A plan to include Rota historical and cultural sites in the US national park system has met opposition from residents of the southernmost island of the Northern Marianas.
One resident said the recommendations of a Special Resource Study to establish a National Historic Park on the island was akin to a naked land grab.
During a virtual public meeting 65-year-old Catherine Flores McCallum said she didn't want to see her children have to fight for their land after the establisment of a national park.
Joel Charfauros, a retired police officer, said the proposed protected limestone forests under the plan would cover roughly 52 percent of Rota.
He wondered how the federal government would compensate land owners.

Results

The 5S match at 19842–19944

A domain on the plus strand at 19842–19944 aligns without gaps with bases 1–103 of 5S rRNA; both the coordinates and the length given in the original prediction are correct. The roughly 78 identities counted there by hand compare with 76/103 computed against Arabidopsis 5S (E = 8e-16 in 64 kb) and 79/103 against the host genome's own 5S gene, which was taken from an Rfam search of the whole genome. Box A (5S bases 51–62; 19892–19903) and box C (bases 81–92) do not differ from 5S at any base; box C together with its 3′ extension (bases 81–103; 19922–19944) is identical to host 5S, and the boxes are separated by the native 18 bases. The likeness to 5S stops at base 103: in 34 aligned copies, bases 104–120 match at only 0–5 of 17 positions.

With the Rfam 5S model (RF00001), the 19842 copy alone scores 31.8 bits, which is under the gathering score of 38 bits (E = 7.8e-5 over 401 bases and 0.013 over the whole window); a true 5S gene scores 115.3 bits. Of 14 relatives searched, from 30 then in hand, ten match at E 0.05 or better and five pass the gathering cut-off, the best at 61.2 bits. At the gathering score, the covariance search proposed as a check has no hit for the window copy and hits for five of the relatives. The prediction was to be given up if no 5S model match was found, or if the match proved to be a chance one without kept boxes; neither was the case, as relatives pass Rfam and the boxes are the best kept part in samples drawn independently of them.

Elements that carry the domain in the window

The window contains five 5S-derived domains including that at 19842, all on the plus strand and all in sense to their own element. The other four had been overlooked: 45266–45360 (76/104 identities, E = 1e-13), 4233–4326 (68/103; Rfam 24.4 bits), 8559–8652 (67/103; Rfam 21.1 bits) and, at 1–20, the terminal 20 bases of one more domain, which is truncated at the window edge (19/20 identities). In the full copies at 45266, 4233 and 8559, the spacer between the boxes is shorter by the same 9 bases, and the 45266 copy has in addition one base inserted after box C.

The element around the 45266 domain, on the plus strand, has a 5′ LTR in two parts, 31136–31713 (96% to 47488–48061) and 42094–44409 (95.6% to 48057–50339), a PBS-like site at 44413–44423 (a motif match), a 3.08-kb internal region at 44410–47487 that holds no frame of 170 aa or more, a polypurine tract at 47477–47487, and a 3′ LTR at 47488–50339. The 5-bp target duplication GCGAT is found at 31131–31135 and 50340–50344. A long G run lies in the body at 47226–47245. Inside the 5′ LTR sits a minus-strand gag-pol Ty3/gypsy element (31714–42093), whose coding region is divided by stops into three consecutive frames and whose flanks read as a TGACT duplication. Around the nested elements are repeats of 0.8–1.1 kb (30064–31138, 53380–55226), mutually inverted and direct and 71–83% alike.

Former Rota casino commissioner Justin Manglona feared that Rota might end up like Farallon de Medinilla where the US military paid two cents per square metre - or just over $US20,000 for 100 years, for the rights to bomb it.
NPS earlier said that based on preliminary results of its special resource study, Chamorro archeological sites, Second World War Japanese defensive sites, and limestone forests on Rota appeared to be nationally significant and suitable for inclusion in the national park system.
Three alternative concepts are under the plan to develop a Rota National Historic Park.
Option one is to continue the current management by the Commonwealth and Rota municipal government agencies; option two is for the governments to enter into a management agreement with the National Park System for a Chamorro Historical Park measuring about 526 hectares; while option three is for a limestone forest and Second World War sites park of about 1,780 hectares.